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Protection advice – now or in the near future?

First published by Financial Reporter

A drop in transactions

Ever since the Government decided to extend the stamp duty holiday back in early March, and introduce a partial holiday, I always felt that September would be an interesting month for the mortgage market.

Many will have looked at the somewhat dramatic drop in housing transactions in July and thought we could be heading for a vastly different H2 2021, compared to H1, but my own view is somewhat different.

Indeed, looking at our own figures for July, August, and so far, in September, while it ‘feels’ a quiet period, the reality of the numbers say something different. Particularly, when looking at mortgage business, and factoring in that we may see a slight spike in purchase completions this month, but we’re likely to see greater parity between this and remortgage/PT business going forward.

However, where we’ve tended to see a noticeable difference is in terms of protection business – a sector which tends to have some notable ups and downs, but which over the course of the year, should even itself out.

The reasons for this in 2021 might seem obvious but are perhaps not all they appear. For example, the easy response would be to think that mortgage business has been so all-consuming that advisers just haven’t had the time to cover off the protection conversation. This tends to be something of a cliché in the market, but that’s only because historically that has been the case.

Completion delays creating a waiting game for protection

However, we have a somewhat different experience this year and that’s based on the time it takes to move through the mortgage process to completion. Estimates differ but the latest one I have heard is that on a purchase chain it now takes, on average, 22 weeks to move from an offer being accepted by the seller to completion, when historically the average has been 13 weeks.

And, of course, there tends to be a greater degree of uncertainty about cases progressing and completions being achieved. Perhaps, understandably, advisers might think there is little point sorting out the client’s protection needs until that completion is about to be achieved or, at the very least, is a little bit closer.

Protection needs can be sorted in a much shorter timescale than mortgages of course. If there are no underlying medical conditions you can achieve same-day turn-around, however if the adviser has any understanding that there are underlying conditions they should obviously not being leaving it late to sort out the protection needs. It will take longer to move these clients through the process.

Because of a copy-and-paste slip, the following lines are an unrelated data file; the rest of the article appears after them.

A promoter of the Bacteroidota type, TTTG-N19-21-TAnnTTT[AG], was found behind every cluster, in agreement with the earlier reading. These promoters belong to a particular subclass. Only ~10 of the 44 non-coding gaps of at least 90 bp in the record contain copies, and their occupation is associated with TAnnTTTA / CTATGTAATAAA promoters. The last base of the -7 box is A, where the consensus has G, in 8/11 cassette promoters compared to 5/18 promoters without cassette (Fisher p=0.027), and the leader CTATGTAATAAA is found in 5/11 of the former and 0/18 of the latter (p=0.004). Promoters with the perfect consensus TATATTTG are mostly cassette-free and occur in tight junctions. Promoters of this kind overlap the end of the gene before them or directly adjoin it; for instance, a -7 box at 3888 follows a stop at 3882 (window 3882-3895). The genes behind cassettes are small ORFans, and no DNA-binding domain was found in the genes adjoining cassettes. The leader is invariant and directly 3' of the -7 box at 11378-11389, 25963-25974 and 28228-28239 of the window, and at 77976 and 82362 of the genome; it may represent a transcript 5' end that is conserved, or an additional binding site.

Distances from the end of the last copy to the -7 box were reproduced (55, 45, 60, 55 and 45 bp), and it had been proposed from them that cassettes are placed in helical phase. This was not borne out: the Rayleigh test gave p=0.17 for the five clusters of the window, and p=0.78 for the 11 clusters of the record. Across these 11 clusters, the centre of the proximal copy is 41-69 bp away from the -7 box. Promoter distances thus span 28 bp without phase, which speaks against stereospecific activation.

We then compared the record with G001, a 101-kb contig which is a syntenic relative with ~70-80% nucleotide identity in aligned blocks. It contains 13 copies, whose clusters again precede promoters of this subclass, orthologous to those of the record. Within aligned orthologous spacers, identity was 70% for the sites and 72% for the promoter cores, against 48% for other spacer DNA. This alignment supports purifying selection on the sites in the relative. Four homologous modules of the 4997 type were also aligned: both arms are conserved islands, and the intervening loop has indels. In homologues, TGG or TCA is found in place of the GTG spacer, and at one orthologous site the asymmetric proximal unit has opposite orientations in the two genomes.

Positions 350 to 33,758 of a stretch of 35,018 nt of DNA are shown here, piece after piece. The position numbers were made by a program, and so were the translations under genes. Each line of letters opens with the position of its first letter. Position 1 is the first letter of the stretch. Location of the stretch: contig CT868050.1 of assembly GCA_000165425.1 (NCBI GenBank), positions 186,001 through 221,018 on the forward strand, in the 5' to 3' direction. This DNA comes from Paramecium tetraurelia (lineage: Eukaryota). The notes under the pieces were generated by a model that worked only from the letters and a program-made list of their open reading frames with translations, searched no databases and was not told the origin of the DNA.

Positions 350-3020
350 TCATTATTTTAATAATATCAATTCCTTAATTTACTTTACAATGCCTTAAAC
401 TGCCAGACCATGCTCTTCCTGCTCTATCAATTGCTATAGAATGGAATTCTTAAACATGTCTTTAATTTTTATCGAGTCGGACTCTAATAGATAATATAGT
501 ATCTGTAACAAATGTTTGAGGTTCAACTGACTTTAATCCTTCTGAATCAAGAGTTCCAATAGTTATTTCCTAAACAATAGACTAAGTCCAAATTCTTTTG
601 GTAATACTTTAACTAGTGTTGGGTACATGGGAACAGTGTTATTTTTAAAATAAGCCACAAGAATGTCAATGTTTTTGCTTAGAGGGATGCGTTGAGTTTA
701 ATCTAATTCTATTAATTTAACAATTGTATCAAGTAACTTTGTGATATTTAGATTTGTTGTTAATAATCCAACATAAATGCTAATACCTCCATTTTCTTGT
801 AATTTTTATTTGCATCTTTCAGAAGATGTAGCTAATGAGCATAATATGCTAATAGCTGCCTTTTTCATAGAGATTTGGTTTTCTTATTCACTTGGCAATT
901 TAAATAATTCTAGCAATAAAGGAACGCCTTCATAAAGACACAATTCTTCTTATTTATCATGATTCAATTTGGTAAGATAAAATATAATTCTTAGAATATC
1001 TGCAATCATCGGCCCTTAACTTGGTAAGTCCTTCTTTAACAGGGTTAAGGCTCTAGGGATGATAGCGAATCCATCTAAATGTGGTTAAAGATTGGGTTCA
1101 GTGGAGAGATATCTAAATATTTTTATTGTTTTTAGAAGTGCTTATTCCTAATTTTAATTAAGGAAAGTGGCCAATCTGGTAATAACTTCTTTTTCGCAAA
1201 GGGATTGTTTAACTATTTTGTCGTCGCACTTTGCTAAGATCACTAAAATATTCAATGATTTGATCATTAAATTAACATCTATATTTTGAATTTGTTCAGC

A lag in protection turn around

However, my point is that advisers – in the current climate – are often feeling no strong inclination to cover off their client’s protection requirements when they cover off the mortgage. This can mean – and our figures appear to back it up – that protection business which you might previously have anticipated coming in the same month as the mortgage application, doesn’t actually turn up until a few months later.

In other words, there is something of a protection lag, but the good news is that the clients concerned are getting the cover they need, it just tends to happen a little later in the whole process.

Now, of course, in an ideal world, you would hope the adviser would sell the mortgage/protection/GI/conveyancing as a complete package at one sitting, because not to do this does come with some risk.

For instance, as stated, advisers might be ‘coming back’ to do the protection at a later date, they may have sown the seed with the client, but for whatever reason, when they do move to provide cover, the customer might have already sorted it out themselves, or carried out their own research which appears to show they only need £10 a month to get cover, when their actual need is £50. In other words, the budget just isn’t there.

Plus, of course, there could be occasions where the adviser does not go back to sort out the protection and this is clearly another missed opportunity, with the client being potentially at risk if nothing is in place, or the cover doesn’t match what is required.

How about a prompt?

This is why we are currently working on something within our Revolution system which will be a regular system prompt and reminder for protection. It will ask the adviser if they are going to cover protection as part of their sales process, and if they answer yes, at various points, it will keep prompting them to ensure they don’t forget this. Alternatively, if the adviser says no, it will prompt them to refer the business to our stand-alone protection proposition, so we can ensure the client gets better consumer outcomes by having their protection needs met. Plus, of course, the adviser will get the referral income from this.

What we don’t want is advisers to say they’re going to do it, and then not do it, or to simply allow that client to wither on the protection vine to a point where they feel they have to do it themselves, or go elsewhere, and potentially not get the right cover.

The protection opportunity remains strong but a variety of factors are potentially changing the way advisers approach this, their ability to ensure clients are covered, and make sure they are the ones providing the advice. Hopefully, with our system changes we’ll be able to support Stonebridge advisers in not missing out, while other practitioners need to make sure they have something similar in place in order to keep that ‘protection gap’ to its absolute minimum.

Jo Carrasco is Business Partnerships Director at Stonebridge
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